Receiving almost $3 million in annual salary and benefits in each of the last two years, Lifespan CEO George Vecchione is the highest-paid health-care executive in New England. Vecchione collects almost $1 million more each year than his closet competitor, the CEO at Partners HealthCare System in Boston, although Lifespan is much smaller than Partners and the region's second-largest network, Caritas Christi Health Care, also in Boston.
A Phoenix survey of federal tax returns indicates that one other Rhode Island health-care CEO, John Hynes of Care New England Health System, received more than $1 million in compensation in 2007. Two Lifespan executives, Kathleen Hittner, CEO of the Miriam Hospital, and former Rhode Island Hospital CEO Joseph Amaral, received more than $1 million in compensation in 2006. Lifespan officials say this was a one-year anomaly caused by changes in federal reporting requirements.
According to a survey by Modern Healthcare magazine, most Rhode Island hospital CEOs are paid more than the national average for comparably sized institutions. CEOs at several of Rhode Island's smaller and financially weaker hospitals, South County and Westerly hospitals and Roger Williams Medical Center, are exceptions. In addition, raises for Rhode Island health-care CEOs far exceed the inflation rate. Since 2000, compensation for the 10 CEOs who stayed in their jobs increased by an average of 87 percent, while the consumer price index climbed only 20 percent.
"Most employees, and probably most Rhode Islanders, would be appalled to know executives of our nonprofit hospitals are being paid these kinds of salaries," says Rick Brooks, director of United Nurses and Allied Professionals, "particularly when health-care costs are going up [at] twice the rate of inflation and causing the number of uninsured Rhode Islanders to go up dramatically."
Some of these executives run hospitals and some hospital networks, but they all help make up the infrastructure of health-care in New England.
The lucrative executive compensation packages also raise questions about the management of Rhode Island's nonprofit hospitals as they struggle to fend off Governor Donald L. Carcieri's proposal to cut state reimbursement to hospitals, by almost $32 million, to help balance the state budget. At a House Finance Committee hearing in January, South County Hospital CEO Louis Giancola, Rhode Island's lowest-paid hospital CEO, predicted the cut in funds to cover the uninsured "is going to destroy us," the Providence Journal reported.
Yet according to Karen Malcolm, executive director of the liberal advocacy group Ocean State Action, "It becomes very hard to make their case when they are paying their top executives so much money."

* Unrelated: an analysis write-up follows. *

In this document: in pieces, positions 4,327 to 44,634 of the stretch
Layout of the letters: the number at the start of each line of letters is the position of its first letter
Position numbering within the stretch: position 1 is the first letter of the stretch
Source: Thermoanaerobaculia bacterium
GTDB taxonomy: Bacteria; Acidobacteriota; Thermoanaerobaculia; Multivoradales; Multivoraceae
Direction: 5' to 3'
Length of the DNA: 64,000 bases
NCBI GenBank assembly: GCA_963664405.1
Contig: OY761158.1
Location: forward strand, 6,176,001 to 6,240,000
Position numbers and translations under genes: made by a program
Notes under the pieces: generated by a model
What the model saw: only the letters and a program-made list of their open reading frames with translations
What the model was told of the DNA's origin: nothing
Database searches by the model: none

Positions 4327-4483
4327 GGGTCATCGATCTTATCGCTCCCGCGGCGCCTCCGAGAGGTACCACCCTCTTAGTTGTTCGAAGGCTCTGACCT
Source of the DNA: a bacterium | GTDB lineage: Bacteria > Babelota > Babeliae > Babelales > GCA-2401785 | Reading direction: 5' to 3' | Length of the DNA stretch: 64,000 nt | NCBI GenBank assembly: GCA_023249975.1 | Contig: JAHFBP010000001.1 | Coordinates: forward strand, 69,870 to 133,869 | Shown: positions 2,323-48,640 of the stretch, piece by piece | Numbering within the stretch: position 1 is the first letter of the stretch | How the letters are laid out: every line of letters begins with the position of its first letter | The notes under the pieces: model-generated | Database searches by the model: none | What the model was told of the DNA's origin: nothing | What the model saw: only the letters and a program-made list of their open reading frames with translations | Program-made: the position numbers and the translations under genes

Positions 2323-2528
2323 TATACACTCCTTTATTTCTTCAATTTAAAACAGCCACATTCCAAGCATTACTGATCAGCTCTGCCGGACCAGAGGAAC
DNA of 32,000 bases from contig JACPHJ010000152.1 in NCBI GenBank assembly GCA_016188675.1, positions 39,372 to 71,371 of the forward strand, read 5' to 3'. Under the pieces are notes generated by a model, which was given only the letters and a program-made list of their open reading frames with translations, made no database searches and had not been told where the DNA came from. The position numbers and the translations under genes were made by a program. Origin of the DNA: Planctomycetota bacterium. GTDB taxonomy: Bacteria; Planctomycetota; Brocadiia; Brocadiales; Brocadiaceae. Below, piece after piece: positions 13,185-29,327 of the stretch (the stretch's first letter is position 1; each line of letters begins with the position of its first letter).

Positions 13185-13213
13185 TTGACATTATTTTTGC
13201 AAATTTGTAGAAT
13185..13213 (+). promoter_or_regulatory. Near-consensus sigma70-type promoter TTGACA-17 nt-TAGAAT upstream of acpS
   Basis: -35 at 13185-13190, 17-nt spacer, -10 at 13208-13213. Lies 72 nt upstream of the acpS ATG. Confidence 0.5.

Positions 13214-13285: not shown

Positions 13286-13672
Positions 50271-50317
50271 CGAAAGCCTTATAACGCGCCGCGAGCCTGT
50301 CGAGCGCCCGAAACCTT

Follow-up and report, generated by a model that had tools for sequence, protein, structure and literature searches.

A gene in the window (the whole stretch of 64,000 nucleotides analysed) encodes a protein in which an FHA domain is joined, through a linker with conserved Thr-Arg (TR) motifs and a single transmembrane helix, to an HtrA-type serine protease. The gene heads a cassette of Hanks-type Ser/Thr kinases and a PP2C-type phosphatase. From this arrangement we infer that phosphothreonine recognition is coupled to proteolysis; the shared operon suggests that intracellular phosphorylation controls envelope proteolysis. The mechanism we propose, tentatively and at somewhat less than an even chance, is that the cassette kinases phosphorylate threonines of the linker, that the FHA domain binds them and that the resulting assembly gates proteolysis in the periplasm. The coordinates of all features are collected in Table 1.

The subject of executive compensation has ignited national controversy. In January, President Barack Obama called Wall Street bankers "shameful," for awarding themselves huge bonuses while accepting federal bailout funds. On February 4, Obama (who earns $400,000) announced a $500,000 cap on cash compensation for executives at companies that receive federal bailouts.
Although the local hospitals have not received federal bailout money, Christopher Koller, Rhode Island's health insurance commissioner, estimates that more than half of their revenues are paid by the government-financed Medicare and Medicaid programs. Sole control of compensation for the hospital CEOs, however, rests with the boards of directors of their respective institutions.
David Gifford, director of the Rhode Island Department of Health, declined to comment on the high level of CEO pay, saying he needs more information on comparable compensation elsewhere, but he warned that lower salaries could produce weaker hospitals.
Regardless, the state Health Department has no explicit authority to regulate CEO compensation, he says. And neither does Attorney General Patrick Lynch, according to the chief of his civil division, Jim Lee. "If somebody thinks there ought to be a law limiting the compensation of CEOs of nonprofit institutions," Lynch spokesman Michael Healey says via e-mail, "they should take it up with the legislature."
But the legislature, with the state facing hundreds of millions of dollars in state debt, is struggling with other issues, and it has not showed any inclination to tackle this topic.
How big salaries get madeAlfred Verrecchia, the chairman of Lifespan's board of directors, defends the generous salaries paid by Rhode Island's largest hospital network.
TOP DOG: While some criticize Vecchione’s lucrative compensation, one observer calls him a workaholic who is always on call and constantly handling crises.
"If you go back several years ago, Lifespan was running a $50 million deficit," Verrecchia says. "George Vecchione and his team have rebuilt the financial soundness of Lifespan . . . We have to pay competitive salaries, [because] otherwise we won't be able to hire the managers that you need to run an institution as complex as Lifespan."
Verrecchia also chairs Lifespan's compensation committee, a five-member group that includes V. Duncan Johnson, a partner at Edwards Angell Palmer & Dodge; William H.D. Goddard, manager at Brown & Ives Land Co.; East Side Marketplace owner Scott Laurans; and Seekonk businessman Lawrence Aubin.